A few days ago, Anna had a post over at FWD/Forward about reproductive rights discussions among feminists and their implications for people with disabilities. Some of the concerns Anna addresses, drive me away from some feminist blogs, too. It isn’t really the focus on abortion. To be honest, I ignore oversensationalist pro-choice posts (“Healthcare for everyone, except for you, lady!” when referring to the Stupak amendment, and such) with as much ease as I ignore oversensationalist pro-life posts (eg. those that condemn the entire Senate healthcare bill just because it funds abortions). What irks me about feminist blogs are really not the easy-to-ignore abortion posts, but the proclamation of “reproductive justice” that goes with them, when, in reality, reproductive justice goes far beyond legal abortion. There are still people who would otherwise carry to term forced to get abortions by partners, families or their social or economic situation. Oral contraception is not always covered by health insurance (and if it is, some women don’t have insurance). If a woman is pregnant and at risk of carrying a child with certain disabilities, she is pressured to undergo prenatal testing and have the child aborted if found to be disabled. Women are even still sterilized without consent. Most of these affect women in minority groups disproportionately. All of these are reproductive rights issues, yet they are hardly addressed by most feminist bloggers.
With regards to women with disabilities, their right to abortion is often emphasized significantly, to the point where, in countries where abortion is illegal, besides rape victims, the first women poster puppeted for the pro-abortion movement, are those with disabilities. The fact is usually ignored that disabled women may actually choose to have children, and if they choose to be childfree, disability may not be the reason.
Anna, who I get from her post chooses to be childfree, stopped getting questions about her reasons for not wanting children as soon as she dropped the fact that her husband has a genetic disability. This is regardless of the question whether or not Anna and her husband’s reasons for not wanting children, are related to disability or not: they are automatically assumed to be, because of course it is horrible to pass on your debilitating genetic condition to a child, it is thought.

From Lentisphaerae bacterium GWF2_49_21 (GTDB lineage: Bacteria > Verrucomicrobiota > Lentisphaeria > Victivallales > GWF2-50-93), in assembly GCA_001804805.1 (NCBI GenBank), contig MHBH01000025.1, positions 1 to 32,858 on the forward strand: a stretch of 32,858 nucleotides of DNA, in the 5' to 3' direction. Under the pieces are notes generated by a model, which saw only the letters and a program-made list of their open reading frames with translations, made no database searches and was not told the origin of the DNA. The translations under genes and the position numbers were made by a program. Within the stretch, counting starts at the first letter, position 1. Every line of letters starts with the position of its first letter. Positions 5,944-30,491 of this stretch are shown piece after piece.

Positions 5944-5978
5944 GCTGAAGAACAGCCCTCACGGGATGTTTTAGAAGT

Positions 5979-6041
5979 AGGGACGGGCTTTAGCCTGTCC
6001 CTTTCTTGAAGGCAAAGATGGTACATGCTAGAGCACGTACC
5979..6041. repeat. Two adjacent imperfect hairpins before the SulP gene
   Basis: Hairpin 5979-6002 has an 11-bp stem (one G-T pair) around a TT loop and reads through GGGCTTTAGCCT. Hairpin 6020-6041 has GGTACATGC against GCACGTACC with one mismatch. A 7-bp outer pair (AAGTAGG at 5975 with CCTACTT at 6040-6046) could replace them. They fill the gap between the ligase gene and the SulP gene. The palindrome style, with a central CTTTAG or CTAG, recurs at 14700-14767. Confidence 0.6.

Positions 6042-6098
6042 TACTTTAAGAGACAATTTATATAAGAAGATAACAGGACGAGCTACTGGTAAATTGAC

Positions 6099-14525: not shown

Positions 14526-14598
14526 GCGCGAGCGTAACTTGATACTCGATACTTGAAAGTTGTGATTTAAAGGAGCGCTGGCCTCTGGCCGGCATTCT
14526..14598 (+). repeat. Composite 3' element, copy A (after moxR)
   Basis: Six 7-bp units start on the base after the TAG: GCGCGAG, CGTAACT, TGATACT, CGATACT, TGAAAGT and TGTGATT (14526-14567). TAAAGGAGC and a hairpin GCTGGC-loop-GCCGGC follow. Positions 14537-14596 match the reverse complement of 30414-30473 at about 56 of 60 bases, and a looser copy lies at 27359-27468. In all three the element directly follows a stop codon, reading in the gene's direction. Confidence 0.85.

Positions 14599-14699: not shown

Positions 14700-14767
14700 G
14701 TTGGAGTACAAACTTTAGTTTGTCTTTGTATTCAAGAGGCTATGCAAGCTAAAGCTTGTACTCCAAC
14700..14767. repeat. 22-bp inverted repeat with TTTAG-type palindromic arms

Even if your disability is not genetic, if you choose to be childfree, it is quite psosible that people will automatically assume that your disability is the reason. After all, of course you must realize how hard it would be for you to care for a child, or how hard it would be on a child to have you for a parent. In fact, people with certain disabilities routinely have their right to have children questioned even by professionals. The Dutch professional association of physicians for people with intellectual disabilities at leas tused to have an official position statement that says parents with intellectual disabilities should not have more children if Child Protective Services had to be involved with the child(ren) they already have. What about forcibly sterilizing anyone whose children had to be placed under supervision? I’ve not heard a single professional, let alone professional association, state that.
But then, do we have to argue that disability plays absolutely no role in a disabled person’s choice to be childfree, just so that we won’t stereotype all other people with our disabilities? Like, I don’t want children myself, and disability is one factor. It is not the only factor – I have many other reasons common to non-disabled peopel who are childfree -, but it is a factor. Not genetics, mind you, even though autism is thought to have a strong genetic basis. In my case, yes, I do feel I am unfit to parent a child, and symptoms of my disabilities contribute to this. Am I not supposed to say so? Am I supposed to say I just don’t like children, when a child’s shrieks send me into total overload? Is it sending a negative message about all autistics if I say I fear I might have a meltdown in front of my child? It could be seen as such, but I think in reality it is not. It isn’t a statement about all autistics, after all; it’s a statement about me.
In the same way, I can see that some people with intellectual disabilities should be recommended not to have children, just like some people without disabilities. I also know people with genetic conditions who decide not to have biological children for fear that the genetic condition will be passed on. I am fine with that choice, presuming they were not coerced into it. The disability does not by itslef determine whether a person is fit to be a parent, or should want to have children. There are people whose parenting skills are not as good as they should be, regardless of a disability, and there are many reasons why a person, including someone with a disability, would choose to be childfree. If disability-related problems are a factor in this for one person with a certain disability, they shouldn’t necessarily be for someone else with the same disability. It is a matter of each potential parent’s individual situation and the choices that person (together witht their partner) makes.